Warner Bros. Pictures’ The Goldfinch is the achingly poignant journey of trauma survivor Theo Decker, portrayed as an adult by Ansel Elgort (Baby Driver, The Fault in Our Stars) and, as a child, by Oakes Fegley (Pete’s Dragon).
The film is based on Donna Tartt’s best-selling novel The Goldfinch, published in the fall of 2013, and immediately became a must-read, topping best seller lists around the globe, earning numerous honors, including the coveted Pulitzer Prize.
The last time 13-year-old Theo Decker saw his mother, she was gliding away from him into another gallery of the Metropolitan Museum of Art. Seconds later, a terrorist bomb exploded destroying priceless pieces of art…and shattering Theo’s life forever. The tragedy changes the course of his life, sending him on a stirring odyssey of grief and guilt, reinvention and redemption, friendship and even love.
Throughout the turbulent years, as he grows into adulthood, Theo secretly clings to a single, precious object—his one tangible connection to the mother he lost on that terrible day—a priceless painting of a tiny bird chained to its perch. The Goldfinch.
Ansel Elgort shares, “It is a beautiful and intense drama that draws you in. The story of a life that was stolen and the ripple effects of a single devastating event.”
The actor allows that one of the most daunting aspects of his performance was conveying the trauma that haunts Theo, who remains, metaphorically, as chained to the day of the bombing as the tiny bird is to its perch in the stolen painting. Hidden away, it is his secret talisman, which both comforts and torments him. And, like The Goldfinch, the pain Theo feels is also concealed from view.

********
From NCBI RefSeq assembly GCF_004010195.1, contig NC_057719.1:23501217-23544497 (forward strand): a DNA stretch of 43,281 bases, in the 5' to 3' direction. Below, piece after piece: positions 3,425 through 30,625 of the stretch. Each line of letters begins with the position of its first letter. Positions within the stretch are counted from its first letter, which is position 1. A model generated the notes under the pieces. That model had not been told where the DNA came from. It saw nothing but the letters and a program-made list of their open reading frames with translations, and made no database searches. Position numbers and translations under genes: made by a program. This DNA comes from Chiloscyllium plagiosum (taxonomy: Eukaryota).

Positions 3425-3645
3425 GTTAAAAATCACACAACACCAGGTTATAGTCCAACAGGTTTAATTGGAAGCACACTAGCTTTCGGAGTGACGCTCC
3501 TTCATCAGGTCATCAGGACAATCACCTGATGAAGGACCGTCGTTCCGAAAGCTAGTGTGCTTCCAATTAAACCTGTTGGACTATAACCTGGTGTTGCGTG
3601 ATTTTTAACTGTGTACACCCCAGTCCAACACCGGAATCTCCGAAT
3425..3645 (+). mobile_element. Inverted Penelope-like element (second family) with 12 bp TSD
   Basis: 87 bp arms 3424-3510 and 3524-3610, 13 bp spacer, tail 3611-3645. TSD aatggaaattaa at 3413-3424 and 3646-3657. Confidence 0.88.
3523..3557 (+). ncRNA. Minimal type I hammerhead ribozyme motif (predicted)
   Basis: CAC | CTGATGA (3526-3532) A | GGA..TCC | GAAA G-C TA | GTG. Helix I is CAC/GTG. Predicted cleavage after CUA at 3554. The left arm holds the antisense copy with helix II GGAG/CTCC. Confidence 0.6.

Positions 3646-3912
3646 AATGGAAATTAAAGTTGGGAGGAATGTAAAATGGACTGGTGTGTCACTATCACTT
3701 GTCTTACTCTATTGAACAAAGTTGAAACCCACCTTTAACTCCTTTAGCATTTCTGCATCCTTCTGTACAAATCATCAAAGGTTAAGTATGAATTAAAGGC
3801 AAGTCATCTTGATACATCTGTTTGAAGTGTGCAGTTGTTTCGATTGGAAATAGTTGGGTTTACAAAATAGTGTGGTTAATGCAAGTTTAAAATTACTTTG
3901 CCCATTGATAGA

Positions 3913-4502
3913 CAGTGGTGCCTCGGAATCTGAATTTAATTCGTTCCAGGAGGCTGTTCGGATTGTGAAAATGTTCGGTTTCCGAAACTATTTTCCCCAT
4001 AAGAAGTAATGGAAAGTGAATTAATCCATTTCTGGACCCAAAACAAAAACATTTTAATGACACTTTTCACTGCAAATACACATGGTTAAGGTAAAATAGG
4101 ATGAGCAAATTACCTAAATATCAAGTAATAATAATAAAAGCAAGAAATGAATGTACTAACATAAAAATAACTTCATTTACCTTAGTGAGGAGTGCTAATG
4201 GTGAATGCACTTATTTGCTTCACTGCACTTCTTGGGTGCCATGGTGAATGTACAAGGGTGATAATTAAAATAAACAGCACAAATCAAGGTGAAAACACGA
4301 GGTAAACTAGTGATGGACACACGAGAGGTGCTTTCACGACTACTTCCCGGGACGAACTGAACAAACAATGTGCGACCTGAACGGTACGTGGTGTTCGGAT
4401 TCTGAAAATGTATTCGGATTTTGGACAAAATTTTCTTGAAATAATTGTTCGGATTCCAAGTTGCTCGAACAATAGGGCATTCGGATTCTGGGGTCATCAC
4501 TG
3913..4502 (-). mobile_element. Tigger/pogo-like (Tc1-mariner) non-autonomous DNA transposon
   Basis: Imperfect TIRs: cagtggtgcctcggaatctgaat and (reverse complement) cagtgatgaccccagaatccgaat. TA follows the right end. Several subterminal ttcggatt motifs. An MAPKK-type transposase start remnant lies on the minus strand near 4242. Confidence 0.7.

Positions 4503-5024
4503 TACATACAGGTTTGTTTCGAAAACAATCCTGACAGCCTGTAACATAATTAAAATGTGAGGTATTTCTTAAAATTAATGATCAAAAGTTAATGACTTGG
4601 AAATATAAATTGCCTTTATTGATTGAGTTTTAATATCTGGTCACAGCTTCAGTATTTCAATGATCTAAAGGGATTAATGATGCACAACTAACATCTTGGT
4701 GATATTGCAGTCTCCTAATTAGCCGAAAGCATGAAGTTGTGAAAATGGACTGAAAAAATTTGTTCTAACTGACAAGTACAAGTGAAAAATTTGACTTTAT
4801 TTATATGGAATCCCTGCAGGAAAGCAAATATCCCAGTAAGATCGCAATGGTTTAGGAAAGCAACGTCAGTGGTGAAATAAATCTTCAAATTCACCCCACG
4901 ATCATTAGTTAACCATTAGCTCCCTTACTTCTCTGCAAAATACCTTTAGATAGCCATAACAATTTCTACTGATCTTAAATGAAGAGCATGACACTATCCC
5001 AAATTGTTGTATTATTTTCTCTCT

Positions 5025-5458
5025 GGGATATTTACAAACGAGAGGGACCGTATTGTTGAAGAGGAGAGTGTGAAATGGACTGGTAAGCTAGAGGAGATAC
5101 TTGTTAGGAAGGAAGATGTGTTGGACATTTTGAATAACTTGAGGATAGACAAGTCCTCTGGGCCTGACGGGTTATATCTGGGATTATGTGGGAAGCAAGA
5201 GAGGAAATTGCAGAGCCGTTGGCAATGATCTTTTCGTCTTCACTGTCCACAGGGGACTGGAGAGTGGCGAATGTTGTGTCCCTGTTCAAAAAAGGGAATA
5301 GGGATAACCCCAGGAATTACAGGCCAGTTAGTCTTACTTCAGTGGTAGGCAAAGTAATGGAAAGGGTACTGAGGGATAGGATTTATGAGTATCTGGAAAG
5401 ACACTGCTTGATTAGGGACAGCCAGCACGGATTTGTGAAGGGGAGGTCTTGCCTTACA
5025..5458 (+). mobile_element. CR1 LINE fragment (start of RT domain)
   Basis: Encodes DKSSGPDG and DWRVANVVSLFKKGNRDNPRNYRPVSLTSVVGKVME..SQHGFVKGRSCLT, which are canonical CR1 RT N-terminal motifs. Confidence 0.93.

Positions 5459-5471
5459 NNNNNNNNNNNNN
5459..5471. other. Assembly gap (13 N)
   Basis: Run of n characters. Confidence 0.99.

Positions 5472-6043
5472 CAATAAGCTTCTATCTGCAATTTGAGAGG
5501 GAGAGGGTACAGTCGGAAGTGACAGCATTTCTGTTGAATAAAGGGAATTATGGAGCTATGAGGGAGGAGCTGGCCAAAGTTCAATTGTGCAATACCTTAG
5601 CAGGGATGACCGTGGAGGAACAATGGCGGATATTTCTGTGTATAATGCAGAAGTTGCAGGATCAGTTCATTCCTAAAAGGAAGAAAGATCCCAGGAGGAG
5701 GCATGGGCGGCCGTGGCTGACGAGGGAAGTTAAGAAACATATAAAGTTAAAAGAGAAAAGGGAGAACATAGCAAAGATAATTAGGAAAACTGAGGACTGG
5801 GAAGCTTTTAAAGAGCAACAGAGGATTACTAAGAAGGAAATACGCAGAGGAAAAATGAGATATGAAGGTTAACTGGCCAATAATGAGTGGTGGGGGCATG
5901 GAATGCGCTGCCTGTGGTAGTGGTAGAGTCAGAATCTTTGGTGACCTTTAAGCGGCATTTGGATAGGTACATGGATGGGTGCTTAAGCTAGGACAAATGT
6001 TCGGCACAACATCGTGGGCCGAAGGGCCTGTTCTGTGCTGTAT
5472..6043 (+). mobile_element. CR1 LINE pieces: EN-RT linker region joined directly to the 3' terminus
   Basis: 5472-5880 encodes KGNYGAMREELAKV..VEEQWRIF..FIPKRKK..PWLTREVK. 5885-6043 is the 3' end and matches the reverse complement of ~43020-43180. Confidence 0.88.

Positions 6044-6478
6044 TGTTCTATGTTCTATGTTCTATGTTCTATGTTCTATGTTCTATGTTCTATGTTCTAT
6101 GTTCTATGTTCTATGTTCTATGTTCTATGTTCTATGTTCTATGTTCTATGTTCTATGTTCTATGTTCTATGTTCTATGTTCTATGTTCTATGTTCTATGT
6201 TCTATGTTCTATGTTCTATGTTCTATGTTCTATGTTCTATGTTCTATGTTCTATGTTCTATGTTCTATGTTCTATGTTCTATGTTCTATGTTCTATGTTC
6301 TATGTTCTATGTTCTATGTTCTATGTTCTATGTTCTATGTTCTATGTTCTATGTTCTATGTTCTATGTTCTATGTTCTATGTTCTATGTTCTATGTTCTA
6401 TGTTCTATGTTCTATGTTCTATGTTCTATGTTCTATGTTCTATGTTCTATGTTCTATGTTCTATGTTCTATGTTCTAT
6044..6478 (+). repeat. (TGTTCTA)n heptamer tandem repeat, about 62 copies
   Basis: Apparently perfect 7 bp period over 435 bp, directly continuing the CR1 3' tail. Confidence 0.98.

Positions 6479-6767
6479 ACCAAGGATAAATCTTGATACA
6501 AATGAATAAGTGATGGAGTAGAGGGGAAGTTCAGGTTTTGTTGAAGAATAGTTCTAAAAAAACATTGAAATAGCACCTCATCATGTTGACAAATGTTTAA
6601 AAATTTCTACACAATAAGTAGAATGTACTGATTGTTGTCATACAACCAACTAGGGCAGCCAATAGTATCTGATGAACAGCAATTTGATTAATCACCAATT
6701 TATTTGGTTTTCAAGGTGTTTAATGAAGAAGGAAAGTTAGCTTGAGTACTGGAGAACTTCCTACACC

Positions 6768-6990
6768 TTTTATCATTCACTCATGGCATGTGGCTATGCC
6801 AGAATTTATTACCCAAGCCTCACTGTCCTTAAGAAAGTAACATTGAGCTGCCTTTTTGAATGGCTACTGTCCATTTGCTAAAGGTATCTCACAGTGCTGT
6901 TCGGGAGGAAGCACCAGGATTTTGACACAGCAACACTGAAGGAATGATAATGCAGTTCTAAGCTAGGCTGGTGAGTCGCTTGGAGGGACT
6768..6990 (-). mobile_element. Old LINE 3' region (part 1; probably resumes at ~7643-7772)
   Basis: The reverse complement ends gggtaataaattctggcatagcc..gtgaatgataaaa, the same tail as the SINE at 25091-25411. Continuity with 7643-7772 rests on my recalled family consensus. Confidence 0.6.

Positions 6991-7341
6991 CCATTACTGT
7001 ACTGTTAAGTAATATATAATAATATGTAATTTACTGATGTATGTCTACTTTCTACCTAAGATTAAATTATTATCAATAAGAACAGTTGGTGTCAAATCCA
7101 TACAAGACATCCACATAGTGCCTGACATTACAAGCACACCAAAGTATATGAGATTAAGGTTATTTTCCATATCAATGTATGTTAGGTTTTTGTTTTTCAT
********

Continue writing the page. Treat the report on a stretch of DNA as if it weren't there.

Elgort observes that his character “views human life as something fleeting because his life has been so traumatic. But an object can endure, and I think that idea comforts him. And the object he prizes the most—and the one that also haunts him the most—is The Goldfinch.”
“Judging by appearances alone, Theo seems to have gotten himself together,” Elgort explains. “But inside, he is still struggling with his loss and the guilt he has been carrying on his shoulders since childhood. I had to find his inner darkness and getting to that place was my biggest challenge.
The filmmakers knew that engendering empathy for Theo would have to begin with the young actor playing him at age 13, when his world was shattered. Young actor Oakes Fegley says, “Theo’s mom was the only stable family he had. His father left and is not part of his life, so to lose her, too, leaves Theo feeling helpless, with no control over where life is taking him, on top of his grief and guilt. He goes through such a big range of emotions, which is one of the things that drew me to the role.”
“We went through hundreds and hundreds of submissions of kids for Theo,” recalls director John Crowley. “It was a gradual process of narrowing them down, and we kept circling back to Oakes. He was really good and very touching, and there was also this impression of an old soul about him that felt right for this character.”
Producer Nina Jacobson concludes, “Oakes Fegley is a remarkably sophisticated actor, especially for someone that young. His performance is extraordinary…so moving, so vulnerable.”
In Philippine cinemas September 18, “The Goldfinch” is distributed in the Philippines by Warner Bros. Pictures, a WarnerMedia Company.